by Ken N. Kamoche
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A seemingly ordinary day in Nairobi ends in tragedy and forces a confrontation between a city woman and her husband's tribe.
Photo: Meena Kadri
The matatu minibus was doing eighty miles an hour down the highway. Passengers were squeezed in so tightly, shoulder to shoulder, they could barely breathe. In good traffic, half an hour was all it took to get from Umoja to the city centre. The driver nodded his head to the heavy-rhythm reggae music blaring from the speakers. The joint he had smoked for breakfast at the crack of dawn had given him just the light-headed start he needed for a busy day ahead.
The king-of-the-road turned to share a joke with the turn-boy who was hanging precariously on the door. The turn-boy cut a comical figure. Dreadlocks flying across his face, partly blocking the view through green sunglasses, whose usefulness he still anticipated in the sunless, cloudy morning. He waved the free hand to commuters waiting at bus stops, yelling:
"Hey, you! Towni! Towni express. Are you the going? Towni!"
There was no room for more. But the turn-boy found it hard to abandon the road mantra. While yelling exhortations to would-be passengers, he still managed to exchange jokes with the driver in the indecipherable argot of the road masters. Passengers watched with amusement as he twisted his head about to get the dreadlocks out of his face so he could stick a cigarette in his mouth.
The driver took the wide roundabout at the old city stadium at sixty miles an hour, imagining he was in the Safari Rally, which was at that very moment tearing across the Rift Valley. Weed for breakfast usually had that effect on him. As the swerving matatu left commuters swaying to their left, the king-of-the-road pressed fast-forward to search for another track on the cassette player. Anxious commuters grabbed at the seat in front, groans and mild complaints drowned by the mesmerizing sounds of Peter Tosh's "Legalize It."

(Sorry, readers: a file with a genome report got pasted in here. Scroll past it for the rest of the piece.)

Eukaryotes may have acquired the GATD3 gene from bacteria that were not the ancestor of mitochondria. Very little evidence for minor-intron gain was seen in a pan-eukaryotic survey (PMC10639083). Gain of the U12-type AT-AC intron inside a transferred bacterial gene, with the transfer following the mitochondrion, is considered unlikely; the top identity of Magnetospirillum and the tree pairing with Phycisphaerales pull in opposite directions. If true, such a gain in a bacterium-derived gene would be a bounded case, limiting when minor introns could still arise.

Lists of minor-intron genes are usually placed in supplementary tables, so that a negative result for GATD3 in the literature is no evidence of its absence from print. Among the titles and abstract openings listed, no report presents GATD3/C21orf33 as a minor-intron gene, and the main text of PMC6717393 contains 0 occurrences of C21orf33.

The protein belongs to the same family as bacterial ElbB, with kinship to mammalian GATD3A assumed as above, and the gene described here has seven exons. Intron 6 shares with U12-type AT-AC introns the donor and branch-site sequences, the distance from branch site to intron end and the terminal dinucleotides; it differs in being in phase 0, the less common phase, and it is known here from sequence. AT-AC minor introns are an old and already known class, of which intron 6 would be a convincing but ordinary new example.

They approached the city. The people would get to work on time. The driver would make a fortune. The light turned amber. He accelerated, in the same instant pressing his horn repeatedly as the bus in front slowed down. Who wants to waste precious moments waiting at the light? There was money at stake. After paying off the owner the agreed takings for the day, everything else went to the king-of-the-road.
The bus blocked his view ahead. The light turned red. The driver swerved to avoid the bus. The matatu rammed straight into an on-coming articulated lorry.
A collective scream of terror rent the cool morning air. A van carrying sand rammed into the back of the matatu, effectively blocking the emergency exit. Metal against metal. It sounded like a bomb.